14. We educated our future workforce.

Teaching in a mask at the front of a classroom, with two inmate students at desks

Educators overcame obstacles to prepare incarcerated Missourians to reenter the workforce. In Fiscal Year 2020, MODOC Academic Education team provided adult basic education to 8,116 offenders, with a 96.5% pass rate on the HiSET. Career and Tech Education served 1,279 offenders, who earned 1,583 professional certificates, and one automotive mechanics class even completed construction of a hot rod built from scrap parts, which was presented at a regional car show. Nearly 600 offenders enrolled in post-secondary education.

15. We became a national role model for reentry.

Tony Lowden tour the Transition Center of St. Louis with Chris Sarchette

In October, Pastor Tony Lowden, executive director of the Federal Interagency Council on Crime Prevention and Improving Reentry, spent three days touring Missouri reentry programs and learning how we drive reentry success, with the goal of replicating our approach nationwide. His conclusion: “Missouri is getting it right.” 

16. We gave back.

Eight staff members display the items they're donating to a women's shelter

Many fundraising and awareness-raising events throughout the state were canceled this year, but that didn’t stop corrections. From taking the Polar Plunge for Special Olympics, to giving supplies to domestic violence shelters, to “adopting” families during the holidays, corrections staff and offenders have continued to support charitable organizations by giving time, resources and funds to Missouri communities.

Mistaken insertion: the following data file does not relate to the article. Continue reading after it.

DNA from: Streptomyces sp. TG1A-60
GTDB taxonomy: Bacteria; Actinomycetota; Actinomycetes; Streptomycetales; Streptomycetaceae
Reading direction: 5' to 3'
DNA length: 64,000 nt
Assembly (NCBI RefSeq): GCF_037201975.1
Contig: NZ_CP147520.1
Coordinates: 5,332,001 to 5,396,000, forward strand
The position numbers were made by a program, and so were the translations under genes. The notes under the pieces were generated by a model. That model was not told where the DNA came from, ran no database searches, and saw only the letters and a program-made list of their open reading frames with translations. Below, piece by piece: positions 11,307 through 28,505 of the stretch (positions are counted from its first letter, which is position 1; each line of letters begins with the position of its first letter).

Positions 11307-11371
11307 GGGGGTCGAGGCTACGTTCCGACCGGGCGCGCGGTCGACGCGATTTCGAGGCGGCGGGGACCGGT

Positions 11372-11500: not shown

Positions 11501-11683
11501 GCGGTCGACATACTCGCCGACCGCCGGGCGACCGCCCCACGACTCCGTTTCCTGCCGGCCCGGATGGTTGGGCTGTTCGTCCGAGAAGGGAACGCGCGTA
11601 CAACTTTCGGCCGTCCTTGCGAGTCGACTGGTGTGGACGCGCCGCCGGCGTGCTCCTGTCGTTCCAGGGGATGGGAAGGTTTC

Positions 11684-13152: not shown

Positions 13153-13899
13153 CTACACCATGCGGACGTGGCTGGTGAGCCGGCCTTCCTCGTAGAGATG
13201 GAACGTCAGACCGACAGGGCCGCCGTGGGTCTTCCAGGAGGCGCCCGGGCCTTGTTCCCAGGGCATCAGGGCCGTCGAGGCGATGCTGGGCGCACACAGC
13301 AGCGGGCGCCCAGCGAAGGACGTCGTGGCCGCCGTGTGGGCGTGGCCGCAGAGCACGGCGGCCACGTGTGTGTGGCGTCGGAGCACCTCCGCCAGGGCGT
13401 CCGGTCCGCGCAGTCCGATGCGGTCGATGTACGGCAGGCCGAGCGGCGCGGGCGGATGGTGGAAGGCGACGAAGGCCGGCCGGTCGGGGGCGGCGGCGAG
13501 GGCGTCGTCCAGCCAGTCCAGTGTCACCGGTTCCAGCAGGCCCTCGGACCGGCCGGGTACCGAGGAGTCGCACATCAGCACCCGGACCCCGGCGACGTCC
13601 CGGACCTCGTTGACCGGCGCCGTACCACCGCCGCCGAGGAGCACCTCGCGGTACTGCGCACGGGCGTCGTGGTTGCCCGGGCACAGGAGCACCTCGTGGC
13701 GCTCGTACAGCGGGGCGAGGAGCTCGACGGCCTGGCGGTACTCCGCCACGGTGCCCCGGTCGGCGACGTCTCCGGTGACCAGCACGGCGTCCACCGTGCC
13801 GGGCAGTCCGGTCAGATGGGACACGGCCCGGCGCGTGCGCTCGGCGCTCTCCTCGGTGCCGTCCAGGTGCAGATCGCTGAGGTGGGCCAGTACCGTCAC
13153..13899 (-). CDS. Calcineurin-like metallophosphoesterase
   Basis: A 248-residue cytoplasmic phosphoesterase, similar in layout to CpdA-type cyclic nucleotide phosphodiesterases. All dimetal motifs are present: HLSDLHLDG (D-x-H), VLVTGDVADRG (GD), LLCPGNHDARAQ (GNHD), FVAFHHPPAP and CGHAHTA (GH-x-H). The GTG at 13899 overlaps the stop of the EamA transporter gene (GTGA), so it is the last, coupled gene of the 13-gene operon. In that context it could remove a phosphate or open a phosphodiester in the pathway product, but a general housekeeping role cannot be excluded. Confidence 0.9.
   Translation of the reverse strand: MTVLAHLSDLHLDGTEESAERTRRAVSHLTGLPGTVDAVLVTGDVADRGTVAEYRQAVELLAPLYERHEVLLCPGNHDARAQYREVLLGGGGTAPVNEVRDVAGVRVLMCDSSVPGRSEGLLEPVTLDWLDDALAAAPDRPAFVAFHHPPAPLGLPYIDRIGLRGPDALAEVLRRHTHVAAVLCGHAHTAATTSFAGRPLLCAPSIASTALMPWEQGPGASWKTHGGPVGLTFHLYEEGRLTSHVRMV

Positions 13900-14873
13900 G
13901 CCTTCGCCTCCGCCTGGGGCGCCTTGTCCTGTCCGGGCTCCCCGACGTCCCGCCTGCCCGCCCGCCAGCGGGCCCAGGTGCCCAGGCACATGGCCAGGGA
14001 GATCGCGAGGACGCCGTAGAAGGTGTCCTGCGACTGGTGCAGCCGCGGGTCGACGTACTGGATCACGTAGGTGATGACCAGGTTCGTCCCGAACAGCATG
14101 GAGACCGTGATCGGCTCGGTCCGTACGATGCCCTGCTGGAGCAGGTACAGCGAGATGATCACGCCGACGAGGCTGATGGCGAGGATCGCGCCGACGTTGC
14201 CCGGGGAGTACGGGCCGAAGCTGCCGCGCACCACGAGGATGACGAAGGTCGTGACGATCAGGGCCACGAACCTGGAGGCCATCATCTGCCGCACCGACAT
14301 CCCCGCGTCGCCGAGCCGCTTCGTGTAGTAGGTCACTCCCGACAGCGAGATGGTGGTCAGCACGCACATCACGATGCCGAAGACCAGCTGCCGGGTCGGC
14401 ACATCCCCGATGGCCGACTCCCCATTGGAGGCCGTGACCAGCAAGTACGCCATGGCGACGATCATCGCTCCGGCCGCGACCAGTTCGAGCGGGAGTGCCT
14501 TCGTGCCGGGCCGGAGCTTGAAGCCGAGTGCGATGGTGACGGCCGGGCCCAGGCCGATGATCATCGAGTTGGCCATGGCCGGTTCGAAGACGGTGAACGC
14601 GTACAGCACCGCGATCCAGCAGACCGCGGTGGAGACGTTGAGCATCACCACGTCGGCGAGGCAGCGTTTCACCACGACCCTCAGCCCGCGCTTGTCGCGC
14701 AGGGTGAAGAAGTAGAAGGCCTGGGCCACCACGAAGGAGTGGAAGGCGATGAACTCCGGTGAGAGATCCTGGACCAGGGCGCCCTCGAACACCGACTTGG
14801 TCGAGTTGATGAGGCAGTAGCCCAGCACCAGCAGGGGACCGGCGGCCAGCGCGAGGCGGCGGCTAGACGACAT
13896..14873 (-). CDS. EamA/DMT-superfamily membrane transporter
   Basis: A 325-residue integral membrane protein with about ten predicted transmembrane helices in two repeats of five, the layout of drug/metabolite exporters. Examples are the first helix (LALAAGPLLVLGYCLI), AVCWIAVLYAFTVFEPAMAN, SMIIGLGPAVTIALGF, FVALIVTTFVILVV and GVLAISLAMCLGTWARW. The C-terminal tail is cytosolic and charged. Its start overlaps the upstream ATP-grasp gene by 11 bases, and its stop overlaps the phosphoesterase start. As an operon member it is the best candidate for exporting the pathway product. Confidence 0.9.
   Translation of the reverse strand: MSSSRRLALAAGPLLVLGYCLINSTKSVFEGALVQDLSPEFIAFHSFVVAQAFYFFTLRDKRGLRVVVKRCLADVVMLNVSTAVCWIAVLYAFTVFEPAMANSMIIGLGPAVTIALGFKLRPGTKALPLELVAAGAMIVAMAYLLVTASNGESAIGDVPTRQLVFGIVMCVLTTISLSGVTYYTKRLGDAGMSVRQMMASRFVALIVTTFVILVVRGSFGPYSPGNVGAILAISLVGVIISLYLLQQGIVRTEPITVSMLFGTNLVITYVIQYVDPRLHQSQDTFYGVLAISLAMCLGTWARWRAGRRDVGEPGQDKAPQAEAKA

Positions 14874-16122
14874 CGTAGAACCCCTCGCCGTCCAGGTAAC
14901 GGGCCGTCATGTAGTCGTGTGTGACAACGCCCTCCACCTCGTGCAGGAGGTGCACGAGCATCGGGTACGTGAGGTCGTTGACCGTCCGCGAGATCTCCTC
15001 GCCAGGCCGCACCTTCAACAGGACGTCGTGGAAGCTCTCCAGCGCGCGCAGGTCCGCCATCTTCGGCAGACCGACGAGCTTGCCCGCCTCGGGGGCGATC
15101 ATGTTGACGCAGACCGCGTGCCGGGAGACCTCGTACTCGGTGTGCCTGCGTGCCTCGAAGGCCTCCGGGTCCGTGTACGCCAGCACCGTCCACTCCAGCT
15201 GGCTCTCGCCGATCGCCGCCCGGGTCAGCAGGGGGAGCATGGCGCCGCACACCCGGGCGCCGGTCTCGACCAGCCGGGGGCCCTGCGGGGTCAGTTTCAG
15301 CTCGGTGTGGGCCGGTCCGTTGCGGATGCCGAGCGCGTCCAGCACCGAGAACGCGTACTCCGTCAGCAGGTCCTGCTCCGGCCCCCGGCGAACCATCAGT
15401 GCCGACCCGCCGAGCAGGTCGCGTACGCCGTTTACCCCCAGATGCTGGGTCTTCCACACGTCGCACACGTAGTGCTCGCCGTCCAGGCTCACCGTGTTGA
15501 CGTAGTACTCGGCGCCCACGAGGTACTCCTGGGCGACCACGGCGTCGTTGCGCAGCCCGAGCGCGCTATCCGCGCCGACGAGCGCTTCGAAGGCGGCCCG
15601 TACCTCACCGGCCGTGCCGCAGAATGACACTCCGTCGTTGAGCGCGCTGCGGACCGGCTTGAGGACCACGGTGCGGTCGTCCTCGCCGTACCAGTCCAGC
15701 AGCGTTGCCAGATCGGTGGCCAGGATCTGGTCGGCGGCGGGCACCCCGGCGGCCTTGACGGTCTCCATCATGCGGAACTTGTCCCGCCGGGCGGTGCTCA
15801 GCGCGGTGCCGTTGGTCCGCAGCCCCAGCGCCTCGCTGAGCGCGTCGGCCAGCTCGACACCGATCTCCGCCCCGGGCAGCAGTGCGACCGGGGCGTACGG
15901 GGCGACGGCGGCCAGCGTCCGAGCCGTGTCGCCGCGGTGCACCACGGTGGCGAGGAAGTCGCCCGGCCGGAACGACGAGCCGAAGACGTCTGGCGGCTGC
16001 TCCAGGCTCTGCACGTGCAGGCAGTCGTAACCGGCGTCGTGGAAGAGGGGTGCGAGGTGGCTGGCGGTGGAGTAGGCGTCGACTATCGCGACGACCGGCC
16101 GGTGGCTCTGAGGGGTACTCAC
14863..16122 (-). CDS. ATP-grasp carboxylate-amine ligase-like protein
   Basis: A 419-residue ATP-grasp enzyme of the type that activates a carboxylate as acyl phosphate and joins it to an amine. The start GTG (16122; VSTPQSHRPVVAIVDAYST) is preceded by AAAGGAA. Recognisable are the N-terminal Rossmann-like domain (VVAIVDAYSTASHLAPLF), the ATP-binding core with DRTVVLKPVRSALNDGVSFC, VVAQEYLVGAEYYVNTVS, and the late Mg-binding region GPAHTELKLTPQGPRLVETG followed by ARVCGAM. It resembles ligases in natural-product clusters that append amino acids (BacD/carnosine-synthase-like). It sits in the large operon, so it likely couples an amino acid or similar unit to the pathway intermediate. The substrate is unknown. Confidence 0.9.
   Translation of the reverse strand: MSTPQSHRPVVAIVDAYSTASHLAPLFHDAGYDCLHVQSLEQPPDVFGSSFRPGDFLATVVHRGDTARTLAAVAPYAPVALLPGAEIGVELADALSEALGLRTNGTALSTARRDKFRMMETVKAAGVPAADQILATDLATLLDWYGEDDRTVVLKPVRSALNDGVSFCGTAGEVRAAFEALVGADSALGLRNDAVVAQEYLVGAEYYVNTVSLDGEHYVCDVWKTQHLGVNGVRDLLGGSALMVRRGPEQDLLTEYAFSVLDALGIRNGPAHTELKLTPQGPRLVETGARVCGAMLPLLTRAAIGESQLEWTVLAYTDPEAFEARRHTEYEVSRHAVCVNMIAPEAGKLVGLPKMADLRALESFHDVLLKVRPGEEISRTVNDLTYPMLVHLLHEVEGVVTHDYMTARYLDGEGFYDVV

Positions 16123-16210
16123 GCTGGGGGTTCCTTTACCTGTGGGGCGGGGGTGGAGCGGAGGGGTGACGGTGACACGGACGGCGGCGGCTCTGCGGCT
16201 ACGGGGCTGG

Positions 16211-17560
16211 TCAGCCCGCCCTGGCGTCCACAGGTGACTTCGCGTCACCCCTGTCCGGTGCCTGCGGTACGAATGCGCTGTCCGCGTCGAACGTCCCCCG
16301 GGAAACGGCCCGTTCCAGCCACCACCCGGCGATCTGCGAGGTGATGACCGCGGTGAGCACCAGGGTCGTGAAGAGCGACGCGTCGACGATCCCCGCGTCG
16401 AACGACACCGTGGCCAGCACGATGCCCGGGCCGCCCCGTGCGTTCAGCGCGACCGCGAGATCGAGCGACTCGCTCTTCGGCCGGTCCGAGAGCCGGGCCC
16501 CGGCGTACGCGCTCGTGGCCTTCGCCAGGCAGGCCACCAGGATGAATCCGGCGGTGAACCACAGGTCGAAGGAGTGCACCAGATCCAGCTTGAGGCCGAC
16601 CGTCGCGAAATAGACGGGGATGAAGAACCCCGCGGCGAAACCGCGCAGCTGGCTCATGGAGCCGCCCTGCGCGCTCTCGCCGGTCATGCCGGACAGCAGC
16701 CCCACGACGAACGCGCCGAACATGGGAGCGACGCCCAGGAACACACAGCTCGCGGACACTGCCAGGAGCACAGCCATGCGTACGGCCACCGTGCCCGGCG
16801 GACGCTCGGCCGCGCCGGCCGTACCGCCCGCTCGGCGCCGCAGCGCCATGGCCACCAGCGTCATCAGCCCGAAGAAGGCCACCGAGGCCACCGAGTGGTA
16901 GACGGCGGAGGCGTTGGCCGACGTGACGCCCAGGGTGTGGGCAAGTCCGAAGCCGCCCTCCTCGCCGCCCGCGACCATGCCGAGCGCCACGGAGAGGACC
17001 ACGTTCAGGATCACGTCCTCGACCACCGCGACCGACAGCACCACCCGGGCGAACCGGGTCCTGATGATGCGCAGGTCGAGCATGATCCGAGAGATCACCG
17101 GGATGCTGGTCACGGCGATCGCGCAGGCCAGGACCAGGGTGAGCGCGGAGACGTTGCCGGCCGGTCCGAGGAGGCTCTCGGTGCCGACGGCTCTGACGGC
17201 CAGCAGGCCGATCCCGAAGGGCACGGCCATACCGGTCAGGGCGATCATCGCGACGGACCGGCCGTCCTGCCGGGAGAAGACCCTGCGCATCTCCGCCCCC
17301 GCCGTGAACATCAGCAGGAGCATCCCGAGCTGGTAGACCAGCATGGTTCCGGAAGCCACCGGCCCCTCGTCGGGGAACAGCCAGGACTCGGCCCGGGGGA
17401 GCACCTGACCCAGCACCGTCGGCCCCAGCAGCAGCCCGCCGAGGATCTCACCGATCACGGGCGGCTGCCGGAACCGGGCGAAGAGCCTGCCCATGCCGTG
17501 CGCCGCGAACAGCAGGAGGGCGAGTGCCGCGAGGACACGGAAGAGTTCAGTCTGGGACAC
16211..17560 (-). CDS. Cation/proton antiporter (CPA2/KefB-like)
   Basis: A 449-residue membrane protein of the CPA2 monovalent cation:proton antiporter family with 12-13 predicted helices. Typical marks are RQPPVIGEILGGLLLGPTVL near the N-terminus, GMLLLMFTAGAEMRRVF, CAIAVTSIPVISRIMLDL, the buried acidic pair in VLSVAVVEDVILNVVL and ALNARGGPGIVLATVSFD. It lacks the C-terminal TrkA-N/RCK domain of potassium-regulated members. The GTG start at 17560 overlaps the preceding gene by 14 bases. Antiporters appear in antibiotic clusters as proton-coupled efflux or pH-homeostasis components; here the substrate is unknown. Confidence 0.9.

17. We built a better work environment.

safe work environment, improving workforce, reduce risk and recidivism

By the end of 2020, the department had completed 54 strategic initiatives designed to improve our workforce, make our work environment safer, and reduce risk and recidivism in the offender population. Recent highlights include mental health first aid certification, hostage negotiation training, and safety upgrades in probation and parole facilities and offices.

18. We adopted new COVID-killing technologies.

iWave ionization generator and eMist electrostatic sprayer

We took the fight against COVID-19 to the next level by implementing COVID-destroying technological innovations that kill the virus in the air, kill the virus on surfaces and detect the virus in wastewater. MODOC partnered with the Missouri Department of Natural Resources and the University of Missouri to monitor wastewater. By December, the department also had procured 1,468 COVID-killing ionization generators for installation in all building air flow systems, plus 40 electrostatic disinfectant sprayers to kill viruses on surfaces.

19. We prioritized staff safety.

three-stage vaccine schedule

At the end of 2020, COVID-19 vaccines were approved for emergency use and were shipped to vaccination locations throughout the United States. Each state has developed a three-phase vaccine distribution plan, with priority groups targeted for vaccination in each phase. Missouri is one of only 11 states in the U.S. to include corrections staff in Phase 1. 

20. We showed up.

12 staff portraits

The most important thing corrections staff did this year: being there. When facing operations overhauls, health threats, staffing challenges, offender unrest and ongoing uncertainty, it takes a special type of person to not only come to work but also bring their A game. Simply showing up every day is an act of heroism.